I get some revealing answers when I ask chiropractors, especially those still in chiropractic college, what they think an adjustment does. After a long, uncomfortable pause I can tell that they’re either not sure, have never thought about it or more likely, they’ve never actually had to put their own mental representation into words. Some, I suppose, are fearful that their working model of an adjustment might be amateurish or miss the mark completely. Yet, there is very little more important than being clear about what an adjustment is, what it does, what it doesn’t do and what your intention is when delivering one. Without clarity on this vital issue, you’ll resort to being a spine “fixer,” deluded into thinking you’re the one doing the healing! Many chiropractors have fallen into this trap.
But before considering the adjustment, consider the circumstances that appear to necessitate an adjustment, namely, a spinal bone that is malpositioned relative to the one above or below it. Before attempting to “correct” the situation and rescue the patient from their subluxation, consider how and why the bone got malpositioned in the first place.
A Survival Strategy
Apparently, when the body cannot accommodate some physical, chemical or emotional stress, it attempts to adapt by assuming a defensive posture. Thus, subluxation is a survival strategy. Since bones are static structures that only move when muscles contract, and muscles only contract on the command of the nervous system, a subluxation is essentially a nervous system phenomomen. To override the intelligence of the body that put the bone into a particular configuration, without first considering the physical, chemical or emotional cause, is not only presumptuous and egotistical, but the height of folly if you have any hope of being an instrument to making significant or lasting change.
That makes a subluxation a symptom. But it can also be a cause, producing collateral damage, not unlike a damaged roof can be the cause of a stained ceiling or a water-damaged carpet.
When Chiropractic Doesn’t Work
Why is the joint fixated? Is the stressor still present? Or does the body lack the resources or awareness to restore a more normal relationship? Naturally, you’d want to make this determination before injecting any type of energy into their spine in an attempt to make a correction!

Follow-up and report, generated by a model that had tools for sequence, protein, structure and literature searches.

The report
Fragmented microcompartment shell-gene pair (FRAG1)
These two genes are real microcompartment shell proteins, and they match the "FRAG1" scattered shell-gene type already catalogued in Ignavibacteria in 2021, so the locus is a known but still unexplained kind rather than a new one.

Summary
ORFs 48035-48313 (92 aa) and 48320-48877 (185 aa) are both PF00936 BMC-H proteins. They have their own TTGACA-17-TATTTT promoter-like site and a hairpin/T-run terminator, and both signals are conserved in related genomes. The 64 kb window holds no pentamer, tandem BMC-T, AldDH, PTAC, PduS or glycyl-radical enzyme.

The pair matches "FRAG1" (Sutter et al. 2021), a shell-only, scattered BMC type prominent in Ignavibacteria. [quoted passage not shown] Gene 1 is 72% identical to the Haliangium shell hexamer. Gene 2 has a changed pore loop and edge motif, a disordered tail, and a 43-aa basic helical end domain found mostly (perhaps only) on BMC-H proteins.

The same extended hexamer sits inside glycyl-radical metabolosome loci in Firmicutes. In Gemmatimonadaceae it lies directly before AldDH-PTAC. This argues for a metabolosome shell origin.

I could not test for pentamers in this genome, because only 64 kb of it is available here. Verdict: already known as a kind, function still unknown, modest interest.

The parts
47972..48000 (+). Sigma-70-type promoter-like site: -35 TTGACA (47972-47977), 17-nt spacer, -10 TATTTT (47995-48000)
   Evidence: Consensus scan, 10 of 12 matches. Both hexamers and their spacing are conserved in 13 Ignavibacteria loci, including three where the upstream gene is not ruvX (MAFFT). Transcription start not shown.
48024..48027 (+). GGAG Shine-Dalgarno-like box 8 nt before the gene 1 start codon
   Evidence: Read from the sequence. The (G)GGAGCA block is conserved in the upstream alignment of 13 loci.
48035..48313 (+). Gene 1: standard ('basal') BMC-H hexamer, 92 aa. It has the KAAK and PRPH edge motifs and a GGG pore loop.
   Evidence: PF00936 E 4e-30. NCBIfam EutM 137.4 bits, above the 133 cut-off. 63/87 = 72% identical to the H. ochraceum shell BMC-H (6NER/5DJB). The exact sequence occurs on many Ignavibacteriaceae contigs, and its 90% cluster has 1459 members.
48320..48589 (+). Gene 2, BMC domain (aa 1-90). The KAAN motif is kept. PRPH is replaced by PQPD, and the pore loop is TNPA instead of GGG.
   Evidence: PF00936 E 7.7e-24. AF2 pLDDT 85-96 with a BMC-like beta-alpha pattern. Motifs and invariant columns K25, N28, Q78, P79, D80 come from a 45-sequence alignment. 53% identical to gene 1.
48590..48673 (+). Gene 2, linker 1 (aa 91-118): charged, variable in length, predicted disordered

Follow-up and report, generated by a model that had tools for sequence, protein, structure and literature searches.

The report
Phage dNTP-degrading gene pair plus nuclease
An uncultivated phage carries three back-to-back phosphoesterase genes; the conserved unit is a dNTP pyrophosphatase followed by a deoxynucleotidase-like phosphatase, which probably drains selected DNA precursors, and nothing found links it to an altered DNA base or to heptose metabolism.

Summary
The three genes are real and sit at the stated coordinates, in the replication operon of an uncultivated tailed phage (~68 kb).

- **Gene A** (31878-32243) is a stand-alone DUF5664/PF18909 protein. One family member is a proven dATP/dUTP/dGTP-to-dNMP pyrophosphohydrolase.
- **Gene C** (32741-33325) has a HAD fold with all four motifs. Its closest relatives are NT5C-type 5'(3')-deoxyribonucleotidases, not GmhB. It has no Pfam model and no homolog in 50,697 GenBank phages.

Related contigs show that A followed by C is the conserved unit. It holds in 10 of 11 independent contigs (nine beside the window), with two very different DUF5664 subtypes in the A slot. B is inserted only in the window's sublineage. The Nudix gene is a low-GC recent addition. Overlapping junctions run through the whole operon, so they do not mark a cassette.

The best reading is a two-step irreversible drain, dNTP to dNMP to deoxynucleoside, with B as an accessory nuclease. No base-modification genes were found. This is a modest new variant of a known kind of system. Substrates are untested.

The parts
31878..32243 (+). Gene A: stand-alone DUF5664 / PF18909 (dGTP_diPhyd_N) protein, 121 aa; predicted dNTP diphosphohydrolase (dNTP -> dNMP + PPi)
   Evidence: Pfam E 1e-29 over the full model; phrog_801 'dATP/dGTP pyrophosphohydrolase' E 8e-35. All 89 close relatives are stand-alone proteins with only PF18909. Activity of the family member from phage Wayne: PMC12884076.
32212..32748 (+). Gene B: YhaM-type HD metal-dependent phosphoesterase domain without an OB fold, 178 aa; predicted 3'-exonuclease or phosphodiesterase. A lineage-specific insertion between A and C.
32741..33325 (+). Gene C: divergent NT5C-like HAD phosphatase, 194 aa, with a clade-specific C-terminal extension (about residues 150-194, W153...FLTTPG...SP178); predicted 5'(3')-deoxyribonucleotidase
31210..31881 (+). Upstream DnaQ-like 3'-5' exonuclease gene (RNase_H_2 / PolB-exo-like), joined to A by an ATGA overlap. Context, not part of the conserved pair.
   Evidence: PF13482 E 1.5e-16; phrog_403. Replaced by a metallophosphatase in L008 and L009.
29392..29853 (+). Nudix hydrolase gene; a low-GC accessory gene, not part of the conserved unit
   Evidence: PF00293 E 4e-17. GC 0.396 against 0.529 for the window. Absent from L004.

Has their frustration and anger from being trapped in a dead end job been resolved? Has the habit of drinking three Starbucks double espressos in the morning and a six-pack in the evening been abandoned? Has the stress of sleeping on their stomach on a sagging 20-year old box spring mattress been discarded? When the patient asserts “I didn’t do anything!” doc, it’s tempting to look past the cumulative hidden emotional and chemical stressors. But neglect them, and you’ll be confronted with an increasing number of situations in which it appears that chiropractic doesn’t work. Enough of them and it may even call into question the career path you’ve chosen. Or more likely, prompt an ever-ending quest for a new technique or modality that can give your healing intent greater horsepower. (Decompression, laser therapy or acupuncture anyone?)
If the patient’s circumstances suggest that thrusting along facetal joint planes is appropriate, just what is it going to do? Many chiropractors (and most patients) assume that the thrust puts the bone back into its rightful place. Of course if this was true, it would only take one adjustment and you’d send the patient on their way. True, in a few cases, a single adjustment does produce symptomatic improvement, these are often the same patients who experience a relapse and want a similar one-visit repeat performance! So, something else must be in play.
Take No Credit
What if the adjustment simply adds energy that the body uses as it sees fit? What if an adjustment is merely a nudge; a coaxing that assists the body in making the necessary change? What if the adjustment is merely a physical means for delivering your intention? What if the adjustment was just a way to attract the attention of the patient’s body and remind it to abandon its defense strategy?
Since there isn’t a recorded instance of a doctor (of any ilk) ever healing a patient, why is there the temptation to not only be responsible, but to take credit for restoring a patient’s spinal biomechanics and reducing their most obvious symptomatic complaint? Not only can you not control such outcomes, it makes you and your adjustment big, while making the patient and their God-given ability to heal, small. If an adjustment merely helps the body right itself, and all you actually do is to determine if, where and when the adjustment will be delivered, it would seem that by taking credit for what the patient’s body is doing is actually a form of stealing!